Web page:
Trump expected to pick former Fox News anchor as next UN ambassador

In this Aug. 9, 2017, file photo, State Department spokeswoman Heather Nauert speaks during a briefing at the State Department in Washington. (AP)
Updated 07 December 2018
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Trump expected to pick former Fox News anchor as next UN ambassador

  • Nauert was a reporter for Fox News Channel before she became State Department spokeswoman under former secretary Rex Tillerson

WASHINGTON: President Donald Trump is expected to nominate State Department spokeswoman Heather Nauert to be the next US ambassador to the United Nations.
Two administration officials confirmed Trump’s plans. A Republican congressional aide said the president was expected to announce his decision by tweet on Friday morning. The officials were not authorized to speak publicly before Trump’s announcement.
Trump has previously said Nauert was under serious consideration to replace Nikki Haley, who announced in October that she would step down at the end of this year.
Trump has been known to change course on staffing decisions in the past.
Nauert was a reporter for Fox News Channel before she became State Department spokeswoman under former secretary Rex Tillerson.


Version of PM May’s deal can get through parliament: Hunt

Updated 15 December 2018
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Version of PM May’s deal can get through parliament: Hunt

  • May pulled a vote on her deal this week after acknowledging it would be heavily defeated over concerns about the divorce agreement’s “backstop”

LONDON: Foreign Secretary Jeremy Hunt said on Saturday that the British parliament could back Prime Minister Theresa May’s deal if lawmakers received assurances from the European Union, but warned that a no deal Brexit was still on the table.
May pulled a vote on her deal this week after acknowledging it would be heavily defeated over concerns about the divorce agreement’s “backstop,” an insurance policy designed to avoid any hard land border for Ireland but which critics say could bind Britain to EU rules indefinitely.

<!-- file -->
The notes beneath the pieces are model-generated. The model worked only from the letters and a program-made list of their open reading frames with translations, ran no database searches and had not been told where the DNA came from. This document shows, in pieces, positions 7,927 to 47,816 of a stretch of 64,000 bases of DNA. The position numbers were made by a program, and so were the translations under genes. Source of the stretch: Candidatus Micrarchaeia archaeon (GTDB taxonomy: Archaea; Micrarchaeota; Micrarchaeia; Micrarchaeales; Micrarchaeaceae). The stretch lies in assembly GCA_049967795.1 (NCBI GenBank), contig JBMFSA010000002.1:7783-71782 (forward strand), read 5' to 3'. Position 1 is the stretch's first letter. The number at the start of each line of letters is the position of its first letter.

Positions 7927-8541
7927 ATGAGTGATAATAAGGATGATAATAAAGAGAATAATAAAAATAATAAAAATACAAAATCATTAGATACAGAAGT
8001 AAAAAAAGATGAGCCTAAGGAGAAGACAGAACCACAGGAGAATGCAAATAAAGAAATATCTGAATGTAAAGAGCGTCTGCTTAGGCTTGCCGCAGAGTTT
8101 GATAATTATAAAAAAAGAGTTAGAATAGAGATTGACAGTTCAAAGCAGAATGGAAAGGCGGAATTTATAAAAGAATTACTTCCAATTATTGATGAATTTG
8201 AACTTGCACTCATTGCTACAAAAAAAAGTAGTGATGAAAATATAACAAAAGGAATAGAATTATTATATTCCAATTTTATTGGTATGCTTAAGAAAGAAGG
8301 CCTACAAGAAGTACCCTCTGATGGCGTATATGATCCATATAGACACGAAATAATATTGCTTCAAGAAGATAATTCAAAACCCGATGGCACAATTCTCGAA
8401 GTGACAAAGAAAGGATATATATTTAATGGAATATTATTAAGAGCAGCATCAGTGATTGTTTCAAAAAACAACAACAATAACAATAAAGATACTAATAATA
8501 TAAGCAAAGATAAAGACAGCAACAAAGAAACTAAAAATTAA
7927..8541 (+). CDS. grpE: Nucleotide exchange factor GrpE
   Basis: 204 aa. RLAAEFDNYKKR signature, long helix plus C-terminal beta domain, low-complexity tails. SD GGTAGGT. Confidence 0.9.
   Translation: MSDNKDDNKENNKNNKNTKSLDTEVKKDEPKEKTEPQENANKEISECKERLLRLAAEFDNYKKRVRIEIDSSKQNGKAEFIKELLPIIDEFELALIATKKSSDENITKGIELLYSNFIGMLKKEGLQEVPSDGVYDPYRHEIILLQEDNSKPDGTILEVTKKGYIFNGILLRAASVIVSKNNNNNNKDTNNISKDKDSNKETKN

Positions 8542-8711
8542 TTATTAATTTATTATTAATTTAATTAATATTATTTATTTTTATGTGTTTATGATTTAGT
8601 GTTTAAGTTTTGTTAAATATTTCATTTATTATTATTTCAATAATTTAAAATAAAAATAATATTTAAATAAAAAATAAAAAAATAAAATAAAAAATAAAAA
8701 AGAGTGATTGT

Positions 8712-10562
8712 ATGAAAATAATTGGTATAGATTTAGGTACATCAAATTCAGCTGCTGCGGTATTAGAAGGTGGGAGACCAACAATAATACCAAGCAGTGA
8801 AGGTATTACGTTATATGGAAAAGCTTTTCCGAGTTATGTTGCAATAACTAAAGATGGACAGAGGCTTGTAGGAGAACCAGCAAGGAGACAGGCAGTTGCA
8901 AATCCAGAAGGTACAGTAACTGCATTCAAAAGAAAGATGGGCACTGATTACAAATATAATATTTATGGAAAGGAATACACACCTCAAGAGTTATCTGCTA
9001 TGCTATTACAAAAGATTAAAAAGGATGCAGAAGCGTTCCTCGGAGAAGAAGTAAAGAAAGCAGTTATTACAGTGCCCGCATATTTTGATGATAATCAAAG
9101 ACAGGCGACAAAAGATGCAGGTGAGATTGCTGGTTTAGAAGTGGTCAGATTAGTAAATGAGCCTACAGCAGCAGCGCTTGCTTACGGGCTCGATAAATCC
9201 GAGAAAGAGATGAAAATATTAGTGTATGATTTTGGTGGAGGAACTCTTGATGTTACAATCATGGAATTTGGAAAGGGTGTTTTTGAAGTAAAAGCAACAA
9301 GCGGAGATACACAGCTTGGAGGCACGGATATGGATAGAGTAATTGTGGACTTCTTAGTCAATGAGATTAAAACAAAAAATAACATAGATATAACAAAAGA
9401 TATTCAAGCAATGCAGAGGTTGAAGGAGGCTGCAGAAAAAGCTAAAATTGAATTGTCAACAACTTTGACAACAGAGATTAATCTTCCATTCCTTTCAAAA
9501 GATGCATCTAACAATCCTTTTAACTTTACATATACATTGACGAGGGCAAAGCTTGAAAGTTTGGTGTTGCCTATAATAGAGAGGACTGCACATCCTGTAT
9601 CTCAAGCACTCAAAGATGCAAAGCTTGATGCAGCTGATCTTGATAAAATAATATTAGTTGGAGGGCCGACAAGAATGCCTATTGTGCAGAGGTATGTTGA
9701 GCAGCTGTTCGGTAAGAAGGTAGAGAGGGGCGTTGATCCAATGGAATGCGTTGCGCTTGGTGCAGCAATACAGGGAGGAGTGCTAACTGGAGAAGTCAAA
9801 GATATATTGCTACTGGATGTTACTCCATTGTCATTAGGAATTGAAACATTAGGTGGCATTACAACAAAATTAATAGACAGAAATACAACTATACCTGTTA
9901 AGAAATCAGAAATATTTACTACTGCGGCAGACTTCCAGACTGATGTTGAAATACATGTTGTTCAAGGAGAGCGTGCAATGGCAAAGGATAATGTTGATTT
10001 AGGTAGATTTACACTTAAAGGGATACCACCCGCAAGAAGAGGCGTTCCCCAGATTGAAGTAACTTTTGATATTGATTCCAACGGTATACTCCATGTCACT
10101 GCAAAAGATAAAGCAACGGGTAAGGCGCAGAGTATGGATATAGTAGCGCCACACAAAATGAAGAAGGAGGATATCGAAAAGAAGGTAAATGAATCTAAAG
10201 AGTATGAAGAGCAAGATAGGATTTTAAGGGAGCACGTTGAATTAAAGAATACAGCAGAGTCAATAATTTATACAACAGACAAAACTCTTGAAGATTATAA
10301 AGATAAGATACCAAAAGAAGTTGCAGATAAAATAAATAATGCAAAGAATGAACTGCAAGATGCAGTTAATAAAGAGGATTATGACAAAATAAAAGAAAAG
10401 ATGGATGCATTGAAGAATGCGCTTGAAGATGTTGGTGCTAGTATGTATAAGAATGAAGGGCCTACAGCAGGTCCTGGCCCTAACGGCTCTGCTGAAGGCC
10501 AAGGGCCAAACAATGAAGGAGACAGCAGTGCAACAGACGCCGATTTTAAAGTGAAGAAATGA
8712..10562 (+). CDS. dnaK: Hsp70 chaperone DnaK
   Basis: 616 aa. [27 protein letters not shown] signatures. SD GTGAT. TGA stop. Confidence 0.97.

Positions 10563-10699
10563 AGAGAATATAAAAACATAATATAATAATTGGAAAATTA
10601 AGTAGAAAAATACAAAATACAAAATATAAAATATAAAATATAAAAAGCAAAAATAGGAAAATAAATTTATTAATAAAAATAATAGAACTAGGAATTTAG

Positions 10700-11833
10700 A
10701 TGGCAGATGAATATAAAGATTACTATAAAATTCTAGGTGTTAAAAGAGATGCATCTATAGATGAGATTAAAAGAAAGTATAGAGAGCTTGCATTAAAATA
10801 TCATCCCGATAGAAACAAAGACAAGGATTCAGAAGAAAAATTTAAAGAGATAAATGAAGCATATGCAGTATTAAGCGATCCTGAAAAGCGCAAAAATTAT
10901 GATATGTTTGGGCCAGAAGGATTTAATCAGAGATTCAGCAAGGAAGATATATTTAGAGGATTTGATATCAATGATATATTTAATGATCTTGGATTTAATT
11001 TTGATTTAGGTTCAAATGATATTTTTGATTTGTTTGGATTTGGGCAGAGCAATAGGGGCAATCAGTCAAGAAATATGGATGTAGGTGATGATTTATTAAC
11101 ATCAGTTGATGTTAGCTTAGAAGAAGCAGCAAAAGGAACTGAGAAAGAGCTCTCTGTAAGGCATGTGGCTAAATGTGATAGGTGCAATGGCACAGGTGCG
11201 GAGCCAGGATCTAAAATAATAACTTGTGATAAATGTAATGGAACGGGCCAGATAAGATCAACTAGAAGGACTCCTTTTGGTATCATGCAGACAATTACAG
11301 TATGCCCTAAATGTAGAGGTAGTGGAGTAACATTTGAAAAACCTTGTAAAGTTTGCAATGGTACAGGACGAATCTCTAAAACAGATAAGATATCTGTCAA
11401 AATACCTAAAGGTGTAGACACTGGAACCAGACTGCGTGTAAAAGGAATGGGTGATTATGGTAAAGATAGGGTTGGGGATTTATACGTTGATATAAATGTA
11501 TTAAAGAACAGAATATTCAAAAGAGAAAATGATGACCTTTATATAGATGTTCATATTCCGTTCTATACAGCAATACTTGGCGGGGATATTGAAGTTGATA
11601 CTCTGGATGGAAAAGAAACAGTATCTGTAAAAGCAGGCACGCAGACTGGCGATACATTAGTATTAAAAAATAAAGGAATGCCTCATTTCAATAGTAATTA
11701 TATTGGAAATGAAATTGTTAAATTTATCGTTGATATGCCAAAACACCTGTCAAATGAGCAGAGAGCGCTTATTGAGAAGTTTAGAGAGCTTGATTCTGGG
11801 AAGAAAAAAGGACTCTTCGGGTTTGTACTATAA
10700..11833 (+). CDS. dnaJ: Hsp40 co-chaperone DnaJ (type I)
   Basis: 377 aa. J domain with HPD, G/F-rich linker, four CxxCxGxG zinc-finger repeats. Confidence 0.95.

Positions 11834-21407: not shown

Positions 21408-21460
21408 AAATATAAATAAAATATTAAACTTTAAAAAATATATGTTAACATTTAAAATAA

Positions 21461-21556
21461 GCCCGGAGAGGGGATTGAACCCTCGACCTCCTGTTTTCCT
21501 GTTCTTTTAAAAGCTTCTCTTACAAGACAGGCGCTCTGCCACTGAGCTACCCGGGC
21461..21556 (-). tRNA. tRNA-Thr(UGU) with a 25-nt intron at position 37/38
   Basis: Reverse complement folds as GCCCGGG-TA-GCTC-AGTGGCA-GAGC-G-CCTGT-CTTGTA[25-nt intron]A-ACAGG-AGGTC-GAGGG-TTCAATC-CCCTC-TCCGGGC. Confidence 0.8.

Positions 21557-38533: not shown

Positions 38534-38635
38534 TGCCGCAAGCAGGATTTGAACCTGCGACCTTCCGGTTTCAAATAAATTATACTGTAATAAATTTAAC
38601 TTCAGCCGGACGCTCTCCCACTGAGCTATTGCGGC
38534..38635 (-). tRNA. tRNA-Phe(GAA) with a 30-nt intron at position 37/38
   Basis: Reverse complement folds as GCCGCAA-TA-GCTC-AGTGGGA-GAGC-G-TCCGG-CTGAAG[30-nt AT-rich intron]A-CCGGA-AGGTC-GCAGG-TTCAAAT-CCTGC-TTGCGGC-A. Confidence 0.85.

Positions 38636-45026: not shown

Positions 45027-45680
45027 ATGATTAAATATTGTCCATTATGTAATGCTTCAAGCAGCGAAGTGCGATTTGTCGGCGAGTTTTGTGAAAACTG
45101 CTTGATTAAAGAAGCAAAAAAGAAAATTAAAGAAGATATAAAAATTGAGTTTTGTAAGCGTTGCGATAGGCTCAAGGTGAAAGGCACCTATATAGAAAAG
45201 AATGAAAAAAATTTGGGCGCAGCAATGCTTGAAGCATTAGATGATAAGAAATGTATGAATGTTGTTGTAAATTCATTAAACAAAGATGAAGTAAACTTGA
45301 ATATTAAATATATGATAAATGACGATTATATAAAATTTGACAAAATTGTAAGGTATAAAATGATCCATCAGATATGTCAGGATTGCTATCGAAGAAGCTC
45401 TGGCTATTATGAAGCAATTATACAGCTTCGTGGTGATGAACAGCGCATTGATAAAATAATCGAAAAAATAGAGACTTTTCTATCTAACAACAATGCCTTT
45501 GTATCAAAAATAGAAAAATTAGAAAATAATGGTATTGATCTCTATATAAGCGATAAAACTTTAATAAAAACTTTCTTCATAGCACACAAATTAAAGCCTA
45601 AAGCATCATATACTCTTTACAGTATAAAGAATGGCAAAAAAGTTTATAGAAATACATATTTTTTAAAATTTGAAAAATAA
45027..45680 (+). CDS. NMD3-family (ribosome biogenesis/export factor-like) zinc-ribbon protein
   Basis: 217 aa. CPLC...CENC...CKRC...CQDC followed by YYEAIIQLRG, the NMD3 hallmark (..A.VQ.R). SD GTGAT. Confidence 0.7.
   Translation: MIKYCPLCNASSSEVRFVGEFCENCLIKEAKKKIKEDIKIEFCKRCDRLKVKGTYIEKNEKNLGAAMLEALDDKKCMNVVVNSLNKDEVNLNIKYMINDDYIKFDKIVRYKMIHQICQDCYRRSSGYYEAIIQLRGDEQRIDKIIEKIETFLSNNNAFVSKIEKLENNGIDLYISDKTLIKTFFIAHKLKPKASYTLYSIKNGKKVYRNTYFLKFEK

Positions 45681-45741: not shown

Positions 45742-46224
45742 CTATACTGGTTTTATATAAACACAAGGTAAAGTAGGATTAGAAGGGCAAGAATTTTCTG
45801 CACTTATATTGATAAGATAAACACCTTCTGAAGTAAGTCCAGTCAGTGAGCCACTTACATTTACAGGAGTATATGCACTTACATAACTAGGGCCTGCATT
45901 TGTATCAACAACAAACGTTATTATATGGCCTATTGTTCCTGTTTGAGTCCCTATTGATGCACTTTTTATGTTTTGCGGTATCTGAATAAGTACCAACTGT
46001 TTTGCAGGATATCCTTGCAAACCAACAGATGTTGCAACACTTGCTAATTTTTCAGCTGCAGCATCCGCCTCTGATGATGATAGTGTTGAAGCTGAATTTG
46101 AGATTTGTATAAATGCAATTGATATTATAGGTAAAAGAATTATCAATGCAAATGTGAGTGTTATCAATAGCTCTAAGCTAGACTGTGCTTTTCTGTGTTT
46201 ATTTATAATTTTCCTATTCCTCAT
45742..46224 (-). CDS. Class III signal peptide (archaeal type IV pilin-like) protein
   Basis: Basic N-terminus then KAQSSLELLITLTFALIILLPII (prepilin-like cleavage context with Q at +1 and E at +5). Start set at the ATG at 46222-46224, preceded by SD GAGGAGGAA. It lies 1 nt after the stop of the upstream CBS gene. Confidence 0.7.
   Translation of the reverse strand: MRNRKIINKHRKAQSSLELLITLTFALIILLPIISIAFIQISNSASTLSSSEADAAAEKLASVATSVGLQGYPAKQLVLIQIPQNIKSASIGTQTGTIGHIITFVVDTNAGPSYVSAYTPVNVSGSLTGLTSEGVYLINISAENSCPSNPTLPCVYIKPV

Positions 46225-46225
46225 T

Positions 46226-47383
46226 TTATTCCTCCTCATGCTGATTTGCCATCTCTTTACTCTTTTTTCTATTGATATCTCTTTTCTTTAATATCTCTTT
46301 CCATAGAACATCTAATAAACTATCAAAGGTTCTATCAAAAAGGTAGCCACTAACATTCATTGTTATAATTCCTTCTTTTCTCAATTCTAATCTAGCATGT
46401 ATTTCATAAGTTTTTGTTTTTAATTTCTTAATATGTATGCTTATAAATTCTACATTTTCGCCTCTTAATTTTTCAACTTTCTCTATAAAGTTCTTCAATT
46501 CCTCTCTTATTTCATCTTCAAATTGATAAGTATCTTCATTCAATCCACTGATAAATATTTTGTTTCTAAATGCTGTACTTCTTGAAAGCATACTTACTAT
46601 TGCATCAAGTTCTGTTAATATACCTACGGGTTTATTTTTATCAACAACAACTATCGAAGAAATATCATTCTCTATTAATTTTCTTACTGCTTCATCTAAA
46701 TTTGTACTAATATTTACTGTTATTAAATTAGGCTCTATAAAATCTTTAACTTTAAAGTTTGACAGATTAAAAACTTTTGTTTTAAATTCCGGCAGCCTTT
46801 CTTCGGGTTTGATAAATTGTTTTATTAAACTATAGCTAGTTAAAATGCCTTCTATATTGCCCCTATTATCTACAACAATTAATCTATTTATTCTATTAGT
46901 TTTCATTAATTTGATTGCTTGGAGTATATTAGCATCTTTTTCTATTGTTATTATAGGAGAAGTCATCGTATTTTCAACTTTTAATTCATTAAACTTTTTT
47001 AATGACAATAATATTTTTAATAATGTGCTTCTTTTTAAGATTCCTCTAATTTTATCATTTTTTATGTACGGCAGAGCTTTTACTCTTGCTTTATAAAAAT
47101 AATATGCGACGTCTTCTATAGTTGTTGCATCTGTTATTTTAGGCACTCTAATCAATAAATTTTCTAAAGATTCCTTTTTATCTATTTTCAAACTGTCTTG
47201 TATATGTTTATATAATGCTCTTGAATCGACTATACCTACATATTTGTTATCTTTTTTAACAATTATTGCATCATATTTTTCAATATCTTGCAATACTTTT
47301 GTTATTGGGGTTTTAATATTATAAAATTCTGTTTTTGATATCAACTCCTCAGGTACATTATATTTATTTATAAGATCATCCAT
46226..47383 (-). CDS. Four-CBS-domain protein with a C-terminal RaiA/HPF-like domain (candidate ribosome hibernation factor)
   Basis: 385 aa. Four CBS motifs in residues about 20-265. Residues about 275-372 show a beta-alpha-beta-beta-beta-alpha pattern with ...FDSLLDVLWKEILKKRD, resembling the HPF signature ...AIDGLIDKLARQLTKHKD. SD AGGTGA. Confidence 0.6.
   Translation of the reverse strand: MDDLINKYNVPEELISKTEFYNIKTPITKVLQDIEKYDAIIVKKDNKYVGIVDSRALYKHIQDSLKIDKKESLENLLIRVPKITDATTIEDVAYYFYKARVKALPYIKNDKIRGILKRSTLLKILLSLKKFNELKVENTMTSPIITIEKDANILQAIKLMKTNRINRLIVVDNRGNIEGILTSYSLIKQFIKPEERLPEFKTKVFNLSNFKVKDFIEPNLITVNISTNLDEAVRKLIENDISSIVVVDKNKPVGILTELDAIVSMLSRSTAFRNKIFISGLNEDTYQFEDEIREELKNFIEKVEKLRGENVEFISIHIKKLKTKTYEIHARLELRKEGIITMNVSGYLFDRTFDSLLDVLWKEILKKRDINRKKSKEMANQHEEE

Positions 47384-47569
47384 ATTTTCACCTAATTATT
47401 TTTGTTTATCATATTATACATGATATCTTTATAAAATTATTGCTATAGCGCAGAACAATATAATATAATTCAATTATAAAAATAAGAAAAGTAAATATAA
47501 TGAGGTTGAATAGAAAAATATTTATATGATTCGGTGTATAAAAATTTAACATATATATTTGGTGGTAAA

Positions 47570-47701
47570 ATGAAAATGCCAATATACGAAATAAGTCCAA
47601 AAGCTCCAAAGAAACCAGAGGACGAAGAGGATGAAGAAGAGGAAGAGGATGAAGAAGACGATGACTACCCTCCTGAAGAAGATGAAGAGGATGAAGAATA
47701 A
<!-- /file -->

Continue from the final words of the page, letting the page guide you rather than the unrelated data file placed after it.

“When the dust has settled, the only way we’re going to get this through the House of Commons ... is to have a version of the deal that the government has negotiated,” Hunt told BBC radio.
Following a summit in Brussels on Friday, May said it was possible that the EU could give further guarantees that the backstop would be temporary although the bloc’s other 27 leaders told her they would not renegotiate the treaty.
Hunt said the EU was likely to make concessions to avoid Britain leaving without any deal, a scenario that both sides say would be highly damaging for business and their economies.
“The EU cannot be sure that if they choose not to be helpful and flexible ... that we would not end up with no deal,” Hunt said. “We cannot in these negotiations take no deal off the table. I don’t think the EU could be remotely sure that if we don’t find a way through this we wouldn’t end up with no deal.”
The Times newspaper reported on Saturday that most of May’s senior ministerial team thought her deal was dead and were discussing a range of options including a second referendum.
“Brexit is in danger of getting stuck – and that is something that should worry us all,” pensions minister Amber Rudd wrote in the Daily Mail newspaper.
“If MPs (lawmakers) dig in against the Prime Minister’s deal and then hunker down in their different corners, none with a majority, the country will face serious trouble.”